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From Mike Kienenberger <mkien...@gmail.com>
Subject Re: Natural primary keys, Was: Cayenne with JSF 2
Date Wed, 04 Apr 2012 14:57:08 GMT
We're not talking about whether or not a SSN uniquely identifies a person.

We are talking about the process for changing up an
incorrectly-entered natural primary key, for whatever reason that
might be.

On Wed, Apr 4, 2012 at 9:36 AM, Durchholz, Joachim
<Joachim.Durchholz@hennig-fahrzeugteile.de> wrote:
> Seems like everybody is looking at the institutions that can't keep their numbers constant.
>
> Give it a break.
> Ordinal numbers of chemical elements cannot change, by definition.
> I may be too optimistic about ISBNs and EANs. Haven't dealt with them and don't know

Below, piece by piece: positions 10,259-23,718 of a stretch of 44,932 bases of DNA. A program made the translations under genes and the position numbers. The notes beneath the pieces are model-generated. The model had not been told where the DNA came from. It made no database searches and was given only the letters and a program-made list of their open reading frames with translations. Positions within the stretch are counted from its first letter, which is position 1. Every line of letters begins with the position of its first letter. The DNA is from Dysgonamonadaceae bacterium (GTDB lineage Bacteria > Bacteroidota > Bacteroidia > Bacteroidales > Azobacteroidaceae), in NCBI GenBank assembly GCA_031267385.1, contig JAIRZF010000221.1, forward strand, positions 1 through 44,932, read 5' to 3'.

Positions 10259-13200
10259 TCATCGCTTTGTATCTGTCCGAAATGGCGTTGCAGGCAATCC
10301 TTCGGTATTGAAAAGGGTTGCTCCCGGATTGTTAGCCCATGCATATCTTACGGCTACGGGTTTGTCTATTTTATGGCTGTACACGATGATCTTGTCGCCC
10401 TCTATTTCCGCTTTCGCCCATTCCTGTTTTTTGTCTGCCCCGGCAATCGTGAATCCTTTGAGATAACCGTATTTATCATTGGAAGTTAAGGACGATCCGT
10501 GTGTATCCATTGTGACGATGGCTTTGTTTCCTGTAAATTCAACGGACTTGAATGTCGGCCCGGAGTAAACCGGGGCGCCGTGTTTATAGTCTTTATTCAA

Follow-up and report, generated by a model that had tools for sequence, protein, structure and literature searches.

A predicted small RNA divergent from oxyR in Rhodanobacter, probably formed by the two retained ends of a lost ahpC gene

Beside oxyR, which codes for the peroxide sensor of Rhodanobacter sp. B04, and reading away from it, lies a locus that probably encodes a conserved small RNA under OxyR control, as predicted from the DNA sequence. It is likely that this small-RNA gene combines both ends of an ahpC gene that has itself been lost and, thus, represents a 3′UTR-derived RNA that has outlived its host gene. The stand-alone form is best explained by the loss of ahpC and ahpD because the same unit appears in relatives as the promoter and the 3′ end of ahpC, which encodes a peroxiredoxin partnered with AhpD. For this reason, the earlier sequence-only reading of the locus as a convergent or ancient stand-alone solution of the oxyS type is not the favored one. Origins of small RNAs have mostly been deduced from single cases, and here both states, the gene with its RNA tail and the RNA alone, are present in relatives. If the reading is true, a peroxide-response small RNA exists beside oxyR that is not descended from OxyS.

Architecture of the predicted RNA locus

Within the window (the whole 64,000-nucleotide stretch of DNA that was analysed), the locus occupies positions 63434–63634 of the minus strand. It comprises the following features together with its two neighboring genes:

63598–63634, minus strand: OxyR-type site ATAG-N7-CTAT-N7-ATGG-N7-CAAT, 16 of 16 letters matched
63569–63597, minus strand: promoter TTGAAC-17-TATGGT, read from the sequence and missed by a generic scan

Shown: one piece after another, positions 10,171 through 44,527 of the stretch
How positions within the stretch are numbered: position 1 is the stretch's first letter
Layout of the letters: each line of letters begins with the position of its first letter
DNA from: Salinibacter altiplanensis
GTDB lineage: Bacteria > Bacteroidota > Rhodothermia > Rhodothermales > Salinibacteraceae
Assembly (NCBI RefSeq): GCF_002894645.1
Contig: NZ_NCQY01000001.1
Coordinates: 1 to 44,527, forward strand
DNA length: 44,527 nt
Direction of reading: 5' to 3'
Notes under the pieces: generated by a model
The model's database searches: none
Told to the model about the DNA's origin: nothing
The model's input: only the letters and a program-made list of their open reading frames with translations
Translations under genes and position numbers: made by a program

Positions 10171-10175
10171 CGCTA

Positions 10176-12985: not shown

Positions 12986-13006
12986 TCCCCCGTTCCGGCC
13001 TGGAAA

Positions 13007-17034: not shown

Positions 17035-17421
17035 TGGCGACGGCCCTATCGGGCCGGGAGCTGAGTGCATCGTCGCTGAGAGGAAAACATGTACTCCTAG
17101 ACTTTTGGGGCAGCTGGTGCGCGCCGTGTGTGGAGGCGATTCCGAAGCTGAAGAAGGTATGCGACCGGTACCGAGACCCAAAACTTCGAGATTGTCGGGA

how reliable their issuers are. I guess if they are using their own numbers in a PK in any
table that's moderately important, they should catch any duplicates before they make it into
the wild. SSNs are issued decentrally, so I'm not surprised they aren't unique; ID cards are
issued centrally and managed centrally, so the risk of getting caught in a goof-up is considerably
smaller.
>
> Oh, and if you're a company caught in the SSN goof-up, using a synthetic key wouldn't
have helped in the least. There is no better ID available when it comes to US citizens, so
if you're using data from external sources, your data will be goofed up anyway.
> Things are different if you never use the SSN in external communication to other databases.
However, even then you'll never know whether the persons with the same SSN are the same (just
changed name and location) or not; there's no better way to identify US citizens, and a synthetic
PK won't help you much to resolve that kind of issue!

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